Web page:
By November of 2019, Lime was talking about reaching EBIT positivity in 2020. But the start of 2020 was not kind on the company, with 100 of its staff losing their jobs and 12 markets getting dropped. At the time TechCrunch wrote that “Lime is hoping to achieve profitability this year by laying off about 14% of its workforce and ceasing operations in 12 markets,” with the company itself writing at the time that “financial independence [was its] goal for 2020, and [that it was] confident that Lime will be the first next-generation mobility company to reach profitability.”
Depending on how you measure profitability, that could be true.
Things didn’t get easier for Lime later in the year. Its competitor Bird underwent layoffs, and Lime cut more staff in April. At the time, Lime said that it was focused on coming “back stronger than ever when this is over.”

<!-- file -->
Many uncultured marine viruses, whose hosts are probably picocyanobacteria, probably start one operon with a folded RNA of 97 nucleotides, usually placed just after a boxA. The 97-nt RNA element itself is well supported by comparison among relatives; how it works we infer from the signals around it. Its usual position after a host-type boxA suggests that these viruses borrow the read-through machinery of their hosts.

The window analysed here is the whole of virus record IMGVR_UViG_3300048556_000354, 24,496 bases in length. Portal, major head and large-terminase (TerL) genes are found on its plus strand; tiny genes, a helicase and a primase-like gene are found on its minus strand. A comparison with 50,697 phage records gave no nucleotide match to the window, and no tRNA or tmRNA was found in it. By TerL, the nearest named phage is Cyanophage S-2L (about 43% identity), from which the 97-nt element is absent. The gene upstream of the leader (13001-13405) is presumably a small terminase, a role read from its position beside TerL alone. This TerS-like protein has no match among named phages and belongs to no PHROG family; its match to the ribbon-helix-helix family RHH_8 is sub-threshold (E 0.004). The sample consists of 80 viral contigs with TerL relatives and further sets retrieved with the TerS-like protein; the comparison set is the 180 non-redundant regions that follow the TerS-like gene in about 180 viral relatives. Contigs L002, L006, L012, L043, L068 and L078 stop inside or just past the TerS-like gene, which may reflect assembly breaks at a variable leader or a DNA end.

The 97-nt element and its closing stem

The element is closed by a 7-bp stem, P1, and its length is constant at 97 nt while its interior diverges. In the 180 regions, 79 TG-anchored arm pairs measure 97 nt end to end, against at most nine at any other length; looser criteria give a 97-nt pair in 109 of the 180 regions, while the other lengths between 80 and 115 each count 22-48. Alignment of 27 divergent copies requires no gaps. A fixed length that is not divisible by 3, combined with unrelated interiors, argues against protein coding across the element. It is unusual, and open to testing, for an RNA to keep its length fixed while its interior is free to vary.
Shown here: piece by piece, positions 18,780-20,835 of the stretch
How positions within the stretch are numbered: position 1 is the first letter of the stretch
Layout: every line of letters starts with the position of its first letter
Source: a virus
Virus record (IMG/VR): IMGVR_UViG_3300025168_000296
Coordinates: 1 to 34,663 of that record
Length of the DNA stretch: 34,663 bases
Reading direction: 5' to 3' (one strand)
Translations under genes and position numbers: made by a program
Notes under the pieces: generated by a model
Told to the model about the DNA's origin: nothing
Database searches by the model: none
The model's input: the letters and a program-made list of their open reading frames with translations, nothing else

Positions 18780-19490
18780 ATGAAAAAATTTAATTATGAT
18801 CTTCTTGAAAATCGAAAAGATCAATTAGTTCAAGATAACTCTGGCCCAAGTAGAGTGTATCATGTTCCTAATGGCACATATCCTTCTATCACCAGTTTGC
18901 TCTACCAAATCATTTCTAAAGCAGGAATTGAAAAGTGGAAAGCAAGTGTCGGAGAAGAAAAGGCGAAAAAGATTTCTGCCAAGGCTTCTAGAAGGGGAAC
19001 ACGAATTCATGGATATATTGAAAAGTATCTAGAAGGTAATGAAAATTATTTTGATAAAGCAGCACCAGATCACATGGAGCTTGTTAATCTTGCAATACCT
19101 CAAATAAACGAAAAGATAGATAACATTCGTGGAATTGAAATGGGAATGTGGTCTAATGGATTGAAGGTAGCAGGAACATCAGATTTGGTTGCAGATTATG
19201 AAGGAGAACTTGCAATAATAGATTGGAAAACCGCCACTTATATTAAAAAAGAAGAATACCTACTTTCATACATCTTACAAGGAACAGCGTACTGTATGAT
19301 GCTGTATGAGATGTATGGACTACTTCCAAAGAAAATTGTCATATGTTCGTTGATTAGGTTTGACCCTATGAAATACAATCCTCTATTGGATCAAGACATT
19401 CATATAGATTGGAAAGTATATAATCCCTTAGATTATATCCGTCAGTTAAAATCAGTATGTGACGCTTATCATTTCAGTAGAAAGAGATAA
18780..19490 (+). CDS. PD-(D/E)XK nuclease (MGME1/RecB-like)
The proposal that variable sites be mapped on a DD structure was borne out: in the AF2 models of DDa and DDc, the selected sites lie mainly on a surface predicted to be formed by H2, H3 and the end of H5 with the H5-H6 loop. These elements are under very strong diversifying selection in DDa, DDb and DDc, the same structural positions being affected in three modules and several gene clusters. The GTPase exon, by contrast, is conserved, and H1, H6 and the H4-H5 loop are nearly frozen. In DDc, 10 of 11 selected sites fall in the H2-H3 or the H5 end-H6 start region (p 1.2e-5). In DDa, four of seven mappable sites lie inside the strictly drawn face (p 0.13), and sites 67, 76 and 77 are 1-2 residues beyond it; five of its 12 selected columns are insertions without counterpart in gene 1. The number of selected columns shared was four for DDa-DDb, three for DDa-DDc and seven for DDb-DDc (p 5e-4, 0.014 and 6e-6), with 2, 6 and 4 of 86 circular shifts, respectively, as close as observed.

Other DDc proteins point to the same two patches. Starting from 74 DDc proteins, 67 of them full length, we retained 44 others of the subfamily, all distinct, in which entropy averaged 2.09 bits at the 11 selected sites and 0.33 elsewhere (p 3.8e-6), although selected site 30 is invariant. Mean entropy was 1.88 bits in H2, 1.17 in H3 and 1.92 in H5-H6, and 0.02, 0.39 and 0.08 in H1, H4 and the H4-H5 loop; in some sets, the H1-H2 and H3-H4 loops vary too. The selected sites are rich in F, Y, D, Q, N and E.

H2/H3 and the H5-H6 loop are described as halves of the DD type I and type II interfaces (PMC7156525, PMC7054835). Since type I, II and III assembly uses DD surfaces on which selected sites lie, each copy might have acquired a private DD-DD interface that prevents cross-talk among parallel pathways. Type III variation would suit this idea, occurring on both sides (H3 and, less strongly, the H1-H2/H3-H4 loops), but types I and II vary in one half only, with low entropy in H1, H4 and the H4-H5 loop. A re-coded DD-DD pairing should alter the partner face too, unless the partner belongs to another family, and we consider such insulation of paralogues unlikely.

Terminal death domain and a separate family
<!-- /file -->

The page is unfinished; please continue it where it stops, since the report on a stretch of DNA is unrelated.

The company is certainly in better shape than it was in April and May. So, how did Lime come back from the brink? In its own estimation, the company took time during its pause to “drill down on getting the business right, narrowing [its] focus and strengthening [its] fundamentals.” That might sound like corporate babble, but by taking a nearly full stop in its operating business, Lime could probably see a bit more clearly what was working and what was not. And with some cuts to what wasn’t, it could set up a future in which its operations were leaner, and more unit-economically positive.
And, now, here we are asking niggling questions about just what sort of profit Lime is really making. Instead of, you know, who might buy its leftover office furniture. It’s a nice turnaround.

Lime touts a 2020 turnaround and 2021 profitability